The fires occurred within seven days following the 21-year-old gunman Dylann Roof’s attack on a renowned black church in the city of Charleston, South Carolina. Roof was reportedly looking to instigate a race war across the United States and was possibly a lone wolf attacker. He developed a hatred towards the African-American people living in the U.S. and became self-radicalized after watching videos of racist and white supremacist groups like the KKK who indoctrinate young, impressionable, and lonely young men to commit such heinous acts of crime.
In Charlotte, NC, police say that the fire which broke out on June 24, 2015, at Briar Creek Baptist Church, was the result of arson. The incident is under investigation and the hate crime angle is being reviewed. It was reported that close to 75 firefighters were required to put out the fire which was categorized as three-alarm. The blaze was brought under control approximately one hour after it broke out. Two firefighters suffered from heat-related injuries while trying to extinguish the fire and required immediate medical treatment. Damages worth $250,000 were sustained by the church and a space used for children’s summer camp was significantly damaged. Apart from that, a ceiling has collapsed in the church while the gymnasium and the sanctuary were spared, barring some smoke damage.
Friday, June 26, 2015, saw a fire incident in the early hours, which destroyed yet another predominantly black church in Tallahassee, Florida. Firefighters acted on a report of a blaze at Greater Miracle Apostolic Holiness Church around 5:20 a.m. The church is located near the crossing of Campbell and Wakulla Street. Powerlines were down in the area and no person was reported to have been inside the church when the fire broke out. It was also reported that the interior of the church has been completely devastated.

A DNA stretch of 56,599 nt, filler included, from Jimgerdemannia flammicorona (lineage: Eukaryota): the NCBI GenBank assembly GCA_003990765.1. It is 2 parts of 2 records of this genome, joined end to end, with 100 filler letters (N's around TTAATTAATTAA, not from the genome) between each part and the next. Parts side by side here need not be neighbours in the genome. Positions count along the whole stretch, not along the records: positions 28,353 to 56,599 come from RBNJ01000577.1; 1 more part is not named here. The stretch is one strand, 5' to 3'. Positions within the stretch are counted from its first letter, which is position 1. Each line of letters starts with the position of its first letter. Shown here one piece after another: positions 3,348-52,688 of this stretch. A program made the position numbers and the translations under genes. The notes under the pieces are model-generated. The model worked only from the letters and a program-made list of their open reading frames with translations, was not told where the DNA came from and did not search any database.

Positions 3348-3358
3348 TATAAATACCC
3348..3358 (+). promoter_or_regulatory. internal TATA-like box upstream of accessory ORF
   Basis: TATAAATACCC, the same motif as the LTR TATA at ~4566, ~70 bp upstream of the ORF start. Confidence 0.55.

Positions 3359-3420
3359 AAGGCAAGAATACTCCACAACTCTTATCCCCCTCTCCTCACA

In the fourth such incident of the last seven days since the Charleston massacre, fire broke out at the Glover Grove Baptist Church in Aiken County, South Carolina, in the early hours of June 26, 2015. Firefighters from Midland Valley arrived after the fire was reported around 3:30 a.m. The church is located on Project Road in Warrenville. By the time the team of firefighters arrived, the church was completely engulfed by flames. It took one hour to bring the fire under control. The FBI was called in to investigate the incident that destroyed the church.
The sheriff’s office has released a statement to local media indicating that investigating teams from the FBI, and the South Carolina Highway Patrol, including forensic investigators, are presently collecting evidence to evaluate how the fire was started.
The Guardian Liberty Voice news service will update reports about the torching of these four churches as soon as more information becomes available.
By Ankur Sinha
Edited by Christine Houston and DiMarkco Chandler
The Washington Post-Five predominantly black Southern churches burn within a week; arson suspected in at least three
The Atlantic-Churches Are Burning Again in America
Raw Story-Second black church fire ruled arson — this time in Georgia — but authorities say it’s no hate crime
The Telegraph-Macon church fire ruled arson, hate crime not suspected
Daily Kos-3 Black Churches burnt in North Carolina, Georgia and S.Carolina in the past 5 days.